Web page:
Taking Care of Our Care Providers

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February 24, 2010

Every year about this time, citizens from all across the state come to the Capitol to inform and educate their Legislators.  These citizen lobbyists are so critical to our democratic process.  They provide insight necessary to make wise public policy decisions.  As Marcia Avner puts it, “Public policy is the set of decisions that we make as a society about how we will care for one another, our communities and the land.”

A couple weeks ago, farmers filled the Capitol halls.  Last Wednesday was Nursing Home Advocacy Day.  If ever we need to make wise policy decisions about the way we care for one another, it is how we care for our elderly and disabled.

I had the opportunity to meet with Nursing Home Administrators from around the state including our Senate District.  They talked about being paid well below their costs by the state’s Medicaid program and, as a result, about wanting to improve buildings and upgrade facilities and not being able; about wanting to pay their workers more and not being able.

Nearly 4,000 people in our Senate District work in nursing homes. Most of these dedicated workers provide direct care to some of our most vulnerable citizens.  My first job was providing care to nursing home residents. I know this work is very rewarding but I also understand the hours are longer and the job is getting harder.  Residents are sicker and require more care.  And resources are much tighter. 

For forty-five years, low-income, elderly Americans have depended on Medicaid – the state health program for low-income people – to pay nursing home bills. Nearly two thirds of all nursing home residents are Medicaid recipients. The federal and state government has made a commitment to fund nursing home care. This is not likely to change. But what changes are the rates paid for care in our nursing homes.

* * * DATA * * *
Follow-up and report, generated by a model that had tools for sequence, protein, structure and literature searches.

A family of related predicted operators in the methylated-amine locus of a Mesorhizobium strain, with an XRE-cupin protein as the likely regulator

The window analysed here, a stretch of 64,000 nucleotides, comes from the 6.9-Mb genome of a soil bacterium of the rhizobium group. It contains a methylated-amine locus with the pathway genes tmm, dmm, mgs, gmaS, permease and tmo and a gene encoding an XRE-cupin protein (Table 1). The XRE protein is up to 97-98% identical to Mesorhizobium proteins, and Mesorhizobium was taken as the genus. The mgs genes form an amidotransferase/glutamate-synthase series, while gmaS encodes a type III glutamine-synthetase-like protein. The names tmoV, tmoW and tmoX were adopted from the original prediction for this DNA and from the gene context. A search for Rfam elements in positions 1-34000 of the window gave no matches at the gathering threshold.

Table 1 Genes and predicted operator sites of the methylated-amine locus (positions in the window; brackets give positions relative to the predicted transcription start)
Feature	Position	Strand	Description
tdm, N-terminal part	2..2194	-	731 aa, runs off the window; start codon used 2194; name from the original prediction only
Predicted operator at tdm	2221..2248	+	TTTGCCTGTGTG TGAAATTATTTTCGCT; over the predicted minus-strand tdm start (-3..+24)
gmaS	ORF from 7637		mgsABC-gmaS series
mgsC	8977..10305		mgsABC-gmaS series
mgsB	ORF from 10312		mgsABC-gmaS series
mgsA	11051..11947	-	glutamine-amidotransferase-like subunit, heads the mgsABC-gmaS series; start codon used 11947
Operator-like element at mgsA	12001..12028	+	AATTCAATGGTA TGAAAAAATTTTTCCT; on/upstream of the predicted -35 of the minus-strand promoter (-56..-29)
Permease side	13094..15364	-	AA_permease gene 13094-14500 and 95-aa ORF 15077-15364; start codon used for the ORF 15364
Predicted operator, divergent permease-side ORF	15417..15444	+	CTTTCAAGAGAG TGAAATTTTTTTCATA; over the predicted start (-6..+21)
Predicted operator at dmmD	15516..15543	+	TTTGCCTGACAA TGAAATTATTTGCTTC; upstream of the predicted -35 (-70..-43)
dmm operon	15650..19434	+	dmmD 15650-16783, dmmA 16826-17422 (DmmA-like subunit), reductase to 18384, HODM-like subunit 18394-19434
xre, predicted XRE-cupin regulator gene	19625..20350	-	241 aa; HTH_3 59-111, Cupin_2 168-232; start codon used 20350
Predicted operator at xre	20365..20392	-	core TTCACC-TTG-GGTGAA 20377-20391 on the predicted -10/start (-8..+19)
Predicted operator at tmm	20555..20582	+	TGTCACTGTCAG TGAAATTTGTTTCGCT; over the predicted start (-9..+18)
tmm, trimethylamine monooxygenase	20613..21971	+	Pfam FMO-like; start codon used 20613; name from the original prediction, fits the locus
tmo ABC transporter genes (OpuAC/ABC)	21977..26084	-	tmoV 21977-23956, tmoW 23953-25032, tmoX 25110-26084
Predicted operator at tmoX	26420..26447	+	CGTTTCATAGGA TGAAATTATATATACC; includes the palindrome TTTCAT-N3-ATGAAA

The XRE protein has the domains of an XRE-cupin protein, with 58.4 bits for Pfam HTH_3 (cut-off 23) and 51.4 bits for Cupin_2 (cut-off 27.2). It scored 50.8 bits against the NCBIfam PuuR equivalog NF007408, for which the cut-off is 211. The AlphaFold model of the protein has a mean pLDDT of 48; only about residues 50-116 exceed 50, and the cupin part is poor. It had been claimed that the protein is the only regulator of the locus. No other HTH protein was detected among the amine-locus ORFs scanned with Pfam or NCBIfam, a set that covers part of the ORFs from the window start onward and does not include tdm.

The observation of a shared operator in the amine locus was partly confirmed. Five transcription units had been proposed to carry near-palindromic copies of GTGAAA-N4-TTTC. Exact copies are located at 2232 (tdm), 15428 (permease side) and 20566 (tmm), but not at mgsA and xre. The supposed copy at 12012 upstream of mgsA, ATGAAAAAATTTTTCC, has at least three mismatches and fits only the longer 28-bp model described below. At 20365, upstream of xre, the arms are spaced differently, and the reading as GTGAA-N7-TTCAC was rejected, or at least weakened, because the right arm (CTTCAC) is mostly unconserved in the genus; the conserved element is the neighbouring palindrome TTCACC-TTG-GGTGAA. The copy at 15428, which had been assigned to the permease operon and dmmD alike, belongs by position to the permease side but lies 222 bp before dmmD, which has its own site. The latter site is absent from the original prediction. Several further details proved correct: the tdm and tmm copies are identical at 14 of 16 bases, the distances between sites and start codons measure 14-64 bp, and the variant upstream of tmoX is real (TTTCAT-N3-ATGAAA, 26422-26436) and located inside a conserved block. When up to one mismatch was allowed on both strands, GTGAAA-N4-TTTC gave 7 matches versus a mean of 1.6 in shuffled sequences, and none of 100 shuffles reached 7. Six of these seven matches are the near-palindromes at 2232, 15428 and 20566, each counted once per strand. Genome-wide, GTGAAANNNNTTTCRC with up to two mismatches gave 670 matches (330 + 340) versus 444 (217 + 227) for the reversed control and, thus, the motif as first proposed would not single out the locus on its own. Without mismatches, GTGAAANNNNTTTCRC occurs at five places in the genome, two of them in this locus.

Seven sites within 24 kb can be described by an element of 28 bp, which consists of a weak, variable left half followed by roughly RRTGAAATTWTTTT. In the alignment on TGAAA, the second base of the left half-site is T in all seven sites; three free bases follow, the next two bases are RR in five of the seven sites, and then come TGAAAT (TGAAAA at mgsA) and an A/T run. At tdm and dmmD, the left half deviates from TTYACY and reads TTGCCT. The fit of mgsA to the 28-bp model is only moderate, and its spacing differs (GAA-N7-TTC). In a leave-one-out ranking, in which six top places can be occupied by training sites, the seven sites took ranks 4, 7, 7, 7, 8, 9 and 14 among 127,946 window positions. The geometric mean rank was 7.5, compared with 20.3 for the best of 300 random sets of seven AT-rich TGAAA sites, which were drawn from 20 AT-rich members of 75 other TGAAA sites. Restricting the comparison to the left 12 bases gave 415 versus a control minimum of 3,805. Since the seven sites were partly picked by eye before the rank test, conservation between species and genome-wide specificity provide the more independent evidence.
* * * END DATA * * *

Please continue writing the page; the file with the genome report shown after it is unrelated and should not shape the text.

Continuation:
For the second year in a row a national study of Medicaid payments to nursing homes ranked Wisconsin as dead last. The study compared the rates paid to nursing homes with their allowable actual costs. In 2009, Wisconsin fell two hundred million shy of covering allowable costs to our four hundred nursing homes. This translates to daily losses of twice the national average or about $40 dollars a day per Medicaid resident.

The gap between costs and Medicaid payment continues to grow. And the state’s financial problem has made more fragile the financial situation of many nursing homes.

This translates to difficulties in finding and keeping good staff and problems in maintaining and upgrading buildings. Add in residents who need more care than years ago and our nursing homes are struggling to survive.

Many administrators are forced to raise rates to those who are private pay residents. State-wide, nursing home administrators estimate private pay patients pay $70 more than Medicaid residents despite receiving the same care.

Wisconsin has seen a steady decline in the number of homes and beds. Sixty-five homes have closed in the past eleven years. As facilities close, families have fewer options close to home.

In the past ten years efforts have been underway to help elderly citizens who can live at home to stay at home. While nursing homes care for the sickest and most fragile, the Family Care program provides in-home services and coordinates care which helps keep people in their homes and communities. 

The Family Care program is expanding beyond cities to cover many rural areas. But rising costs have many Legislators concerned about the future of Family Care.

As the state struggles now to provide care to our elderly, all of us are aging, increasing the pressure on an already fragile system. If we are lucky we will have a comfortable retirement and good health.  But should we need good, quality affordable nursing home care, we must take care of our care providers.


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